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Growing up in the Latin “barrios” of Dallas, Texas, Gibson signature artist Trinidad “Trini” Lopez, III, learned quickly how to be a survivor. With four brothers, a sister, and a mother and father that did whatever it took to bring food to the table, Lopez’ early childhood struggles proved vital in preparing him for life as the original Latin pop superstar. As an adolescent in the early 1950s, Lopez was your typical teenager, hanging out with friends, occasionally getting into trouble and wanting to be everywhere but the classroom his parents insisted he stay in. What’s more, the elder Lopez—a musician himself— didn’t approve of his son’s circle of friends, and was always warning him to stay away from his associates. Legend has it that Lopez, Sr. grew so weary of his son’s behavior that one day he administered a severe beating in the hope of changing his son’s ways. Afterwards, he felt so bad he went out and purchased his son a black Gibson acoustic guitar. He taught him a few chords and the rest, you can say, is history!
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New Jersey Folk Rocker Matt White Has a J-200 and a Sweet, Guitar-Driven Album That’s Sure to Make Him a Star

David Sprague
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10.04.2007

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Some folks choose to pick up a guitar and play, while others have the call of the six-string encoded in their DNA—the latter category most assuredly includes Matt White, a New Jersey-bred folk-rocker with three generations of musical pedigree (not to mention a wicked way with a memorable hook) behind him.
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Revisiting Black Sabbath: The Dio Years

Aidin Vaziri
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10.03.2007

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Heaven and Hell may wrap up its North American tour this week but that doesn’t mean you need to kick yourself for missing out on the fleeting reunion of Black Sabbath’s founding members—guitarist Tony Iommi, bassist Terry “Geezer” Butler, vocalist Ronnie James Dio, and drummer Vinny Appice.
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Dusty Gem: Rockpile’s Seconds of Pleasure

Josh Baron
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10.03.2007

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As a musicologist or lesser authority—music geek, nerd, enthusiast—one of life’s true pleasures is discovering new music. Whether it’s recent or old, the hunt for something “new” is always on. As a young editor, I’ve often found asking older friends a fruitful beginning for such hunts. So it was several weeks ago over dinner that I discovered Rockpile, a one-album, no-frills band whose years of playing out has instilled them into the hearts of just about every music geek I’ve met over the age of 40.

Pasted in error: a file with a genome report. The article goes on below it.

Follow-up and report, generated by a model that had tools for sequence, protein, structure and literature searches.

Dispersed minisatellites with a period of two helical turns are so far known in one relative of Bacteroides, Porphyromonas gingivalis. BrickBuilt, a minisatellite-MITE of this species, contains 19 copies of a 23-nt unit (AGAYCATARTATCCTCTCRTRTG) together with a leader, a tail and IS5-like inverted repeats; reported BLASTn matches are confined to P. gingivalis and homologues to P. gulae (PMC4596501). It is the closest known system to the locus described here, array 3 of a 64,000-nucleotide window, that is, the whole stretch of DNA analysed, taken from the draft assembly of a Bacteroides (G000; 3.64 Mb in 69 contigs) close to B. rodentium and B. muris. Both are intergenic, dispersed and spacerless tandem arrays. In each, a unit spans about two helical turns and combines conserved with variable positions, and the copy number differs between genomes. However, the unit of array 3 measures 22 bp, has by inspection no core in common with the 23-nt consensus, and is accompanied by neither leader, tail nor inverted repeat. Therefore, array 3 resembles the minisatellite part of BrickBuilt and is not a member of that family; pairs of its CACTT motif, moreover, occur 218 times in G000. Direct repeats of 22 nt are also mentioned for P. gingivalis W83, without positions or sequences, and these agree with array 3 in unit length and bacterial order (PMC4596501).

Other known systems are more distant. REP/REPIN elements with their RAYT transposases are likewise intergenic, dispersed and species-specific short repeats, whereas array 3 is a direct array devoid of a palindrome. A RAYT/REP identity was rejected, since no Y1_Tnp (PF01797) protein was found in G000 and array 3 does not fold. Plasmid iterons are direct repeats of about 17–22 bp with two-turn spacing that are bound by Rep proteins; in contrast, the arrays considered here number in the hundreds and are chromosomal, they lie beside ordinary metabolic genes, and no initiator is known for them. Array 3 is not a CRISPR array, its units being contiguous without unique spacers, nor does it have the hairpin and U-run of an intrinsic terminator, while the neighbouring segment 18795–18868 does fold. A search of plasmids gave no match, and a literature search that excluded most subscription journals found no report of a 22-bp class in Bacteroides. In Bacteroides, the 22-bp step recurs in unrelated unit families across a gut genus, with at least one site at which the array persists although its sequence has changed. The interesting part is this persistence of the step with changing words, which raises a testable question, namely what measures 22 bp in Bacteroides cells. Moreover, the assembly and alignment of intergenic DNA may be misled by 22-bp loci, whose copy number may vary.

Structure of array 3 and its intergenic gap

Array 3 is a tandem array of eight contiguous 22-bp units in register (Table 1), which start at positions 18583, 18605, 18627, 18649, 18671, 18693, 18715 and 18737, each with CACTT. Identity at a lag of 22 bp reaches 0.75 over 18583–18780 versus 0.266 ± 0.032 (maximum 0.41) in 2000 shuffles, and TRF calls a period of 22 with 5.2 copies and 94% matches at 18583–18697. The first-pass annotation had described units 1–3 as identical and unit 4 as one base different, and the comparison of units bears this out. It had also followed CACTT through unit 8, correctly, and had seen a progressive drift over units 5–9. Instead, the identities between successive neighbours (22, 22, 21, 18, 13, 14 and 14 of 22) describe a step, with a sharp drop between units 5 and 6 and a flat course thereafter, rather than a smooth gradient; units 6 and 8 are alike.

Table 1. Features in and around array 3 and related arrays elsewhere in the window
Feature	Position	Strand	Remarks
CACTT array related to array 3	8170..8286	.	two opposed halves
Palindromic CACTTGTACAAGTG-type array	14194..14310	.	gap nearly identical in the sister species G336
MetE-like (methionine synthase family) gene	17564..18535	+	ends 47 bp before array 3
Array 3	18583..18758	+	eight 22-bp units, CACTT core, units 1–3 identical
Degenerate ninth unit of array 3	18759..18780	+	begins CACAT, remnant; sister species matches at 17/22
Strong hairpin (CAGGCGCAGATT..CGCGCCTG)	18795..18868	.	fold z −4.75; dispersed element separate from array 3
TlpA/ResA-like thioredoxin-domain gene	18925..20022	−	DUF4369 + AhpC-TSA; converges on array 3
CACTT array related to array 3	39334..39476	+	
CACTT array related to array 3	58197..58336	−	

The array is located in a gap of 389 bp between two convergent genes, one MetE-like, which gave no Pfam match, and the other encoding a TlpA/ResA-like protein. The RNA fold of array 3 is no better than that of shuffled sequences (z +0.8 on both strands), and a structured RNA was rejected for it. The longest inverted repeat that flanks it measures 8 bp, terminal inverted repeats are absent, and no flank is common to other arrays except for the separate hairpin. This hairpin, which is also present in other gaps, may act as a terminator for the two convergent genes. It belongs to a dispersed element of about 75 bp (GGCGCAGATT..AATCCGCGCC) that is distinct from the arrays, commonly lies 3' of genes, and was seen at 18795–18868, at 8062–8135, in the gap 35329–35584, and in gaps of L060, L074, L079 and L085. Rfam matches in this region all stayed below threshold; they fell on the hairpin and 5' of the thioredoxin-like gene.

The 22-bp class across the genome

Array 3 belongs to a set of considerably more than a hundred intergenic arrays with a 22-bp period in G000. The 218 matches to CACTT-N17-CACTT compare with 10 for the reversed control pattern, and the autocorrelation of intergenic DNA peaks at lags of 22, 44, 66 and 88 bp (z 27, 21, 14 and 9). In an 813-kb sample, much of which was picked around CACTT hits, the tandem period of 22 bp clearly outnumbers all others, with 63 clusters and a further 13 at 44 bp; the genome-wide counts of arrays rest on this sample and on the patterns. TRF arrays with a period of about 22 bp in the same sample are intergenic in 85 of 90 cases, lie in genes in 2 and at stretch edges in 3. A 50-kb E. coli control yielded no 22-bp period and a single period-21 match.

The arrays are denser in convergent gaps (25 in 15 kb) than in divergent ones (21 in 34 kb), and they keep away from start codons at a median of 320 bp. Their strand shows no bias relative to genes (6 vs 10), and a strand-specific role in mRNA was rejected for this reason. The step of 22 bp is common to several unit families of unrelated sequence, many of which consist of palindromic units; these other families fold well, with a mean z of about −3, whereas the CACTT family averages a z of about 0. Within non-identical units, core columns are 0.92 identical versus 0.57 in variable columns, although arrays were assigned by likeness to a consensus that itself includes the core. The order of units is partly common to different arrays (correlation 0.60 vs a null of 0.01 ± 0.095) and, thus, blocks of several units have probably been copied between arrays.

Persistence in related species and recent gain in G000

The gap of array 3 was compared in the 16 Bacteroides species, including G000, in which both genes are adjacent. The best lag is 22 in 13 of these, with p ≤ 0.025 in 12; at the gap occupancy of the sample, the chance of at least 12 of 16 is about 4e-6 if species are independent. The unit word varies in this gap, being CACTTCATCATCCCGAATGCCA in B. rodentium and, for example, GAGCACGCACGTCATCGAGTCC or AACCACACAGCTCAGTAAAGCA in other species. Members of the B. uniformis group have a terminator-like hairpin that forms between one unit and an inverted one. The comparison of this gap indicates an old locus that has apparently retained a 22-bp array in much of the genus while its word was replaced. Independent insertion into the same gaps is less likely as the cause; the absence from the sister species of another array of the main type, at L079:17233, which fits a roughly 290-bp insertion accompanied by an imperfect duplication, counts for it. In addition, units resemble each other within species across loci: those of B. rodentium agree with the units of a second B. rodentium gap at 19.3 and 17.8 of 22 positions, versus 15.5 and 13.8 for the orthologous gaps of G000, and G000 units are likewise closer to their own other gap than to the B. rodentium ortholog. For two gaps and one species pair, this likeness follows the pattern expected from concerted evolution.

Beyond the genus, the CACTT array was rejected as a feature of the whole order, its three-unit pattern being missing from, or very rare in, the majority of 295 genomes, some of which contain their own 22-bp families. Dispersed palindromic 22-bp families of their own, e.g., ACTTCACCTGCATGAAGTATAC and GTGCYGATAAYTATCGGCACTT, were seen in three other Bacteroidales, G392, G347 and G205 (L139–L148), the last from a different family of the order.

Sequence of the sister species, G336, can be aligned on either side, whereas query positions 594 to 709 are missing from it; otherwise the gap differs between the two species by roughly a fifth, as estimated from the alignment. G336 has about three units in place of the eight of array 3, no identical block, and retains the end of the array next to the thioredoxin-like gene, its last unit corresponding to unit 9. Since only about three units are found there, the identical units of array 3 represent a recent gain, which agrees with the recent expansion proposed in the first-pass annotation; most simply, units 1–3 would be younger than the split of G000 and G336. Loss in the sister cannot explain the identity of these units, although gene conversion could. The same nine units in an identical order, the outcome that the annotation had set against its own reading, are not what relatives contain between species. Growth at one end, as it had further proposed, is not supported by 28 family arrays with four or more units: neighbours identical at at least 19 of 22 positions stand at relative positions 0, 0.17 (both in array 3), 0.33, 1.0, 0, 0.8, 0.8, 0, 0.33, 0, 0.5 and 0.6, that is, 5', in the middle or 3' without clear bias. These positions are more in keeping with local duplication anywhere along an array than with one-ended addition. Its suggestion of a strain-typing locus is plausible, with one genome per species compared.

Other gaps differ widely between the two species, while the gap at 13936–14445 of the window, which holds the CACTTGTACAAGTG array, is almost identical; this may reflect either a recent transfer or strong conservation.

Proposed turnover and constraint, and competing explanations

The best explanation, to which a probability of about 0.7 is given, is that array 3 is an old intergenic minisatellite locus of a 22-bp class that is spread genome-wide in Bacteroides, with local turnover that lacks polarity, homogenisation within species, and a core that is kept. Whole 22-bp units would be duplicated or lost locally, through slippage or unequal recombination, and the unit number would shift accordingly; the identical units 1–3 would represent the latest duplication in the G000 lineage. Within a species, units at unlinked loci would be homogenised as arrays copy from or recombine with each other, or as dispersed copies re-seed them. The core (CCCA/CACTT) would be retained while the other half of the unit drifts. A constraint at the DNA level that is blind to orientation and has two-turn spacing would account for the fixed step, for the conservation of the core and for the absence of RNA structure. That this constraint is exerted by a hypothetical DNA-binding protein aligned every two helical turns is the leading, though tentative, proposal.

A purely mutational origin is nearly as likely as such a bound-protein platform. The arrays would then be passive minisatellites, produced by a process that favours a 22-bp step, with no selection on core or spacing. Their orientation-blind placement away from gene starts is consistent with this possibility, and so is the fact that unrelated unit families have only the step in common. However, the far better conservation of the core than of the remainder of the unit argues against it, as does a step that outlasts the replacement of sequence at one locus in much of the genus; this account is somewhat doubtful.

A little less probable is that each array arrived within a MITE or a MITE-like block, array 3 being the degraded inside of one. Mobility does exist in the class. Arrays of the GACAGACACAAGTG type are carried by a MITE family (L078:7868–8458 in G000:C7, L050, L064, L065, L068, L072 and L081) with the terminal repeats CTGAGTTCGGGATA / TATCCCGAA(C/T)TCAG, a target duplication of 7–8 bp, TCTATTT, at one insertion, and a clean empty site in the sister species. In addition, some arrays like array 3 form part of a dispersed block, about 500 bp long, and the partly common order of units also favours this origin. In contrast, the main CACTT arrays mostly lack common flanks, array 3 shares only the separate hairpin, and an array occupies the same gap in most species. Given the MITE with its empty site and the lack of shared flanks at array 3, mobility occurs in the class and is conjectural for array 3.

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Ian Astbury on The Cult, The Doors, and Life as a Dirty Little Rockstar (Free MP3 Stream!)

David Sprague
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10.03.2007

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You say you want an evolution? Well, if you come to Cult frontman Ian Astbury’s door, you’ve come to the right place. Ever since he emerged from the murk of post-punk England with the dark and stormy Southern Death Cult—a combo that added an incendiary touch to the gloom of the monochromatic goth scene—Astbury has been confounding expectations left and right. After altering that band’s course and renaming it Death Cult, he dropped the fatalistic bent altogether in 1984, bringing the Cult into the rock mainstream. Amidst the crunching classic-rock riffs guitarist Billy Duffy coaxes from his ES-1275 and his collection of Les Paul Customs, surprisingly idealistic anthems like “She Sells Sanctuary” have recently emerged.
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James Blunt: The Gibson Interview

David Sprague
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10.02.2007

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He’s no Deadhead, but James Blunt has certainly learned the meaning of “long, strange trip” in the three or so years since he ceased toiling in the singer-songwriter trenches and began his ascent to multi-platinum status. Blunt’s best known, of course, for the ubiquitous “You’re Beautiful,” but as he proves on All the Lost Souls—the just-released follow-up to his 11-million selling debut Back to Bedlam—he’s not just a one-trick pony. The Brit, who divides his time between piano and guitar (he wields both a Gibson J-45 and a vintage LG-1), exudes a burnished warmth throughout the disc, bringing to mind Lindsay Buckingham and James Taylor.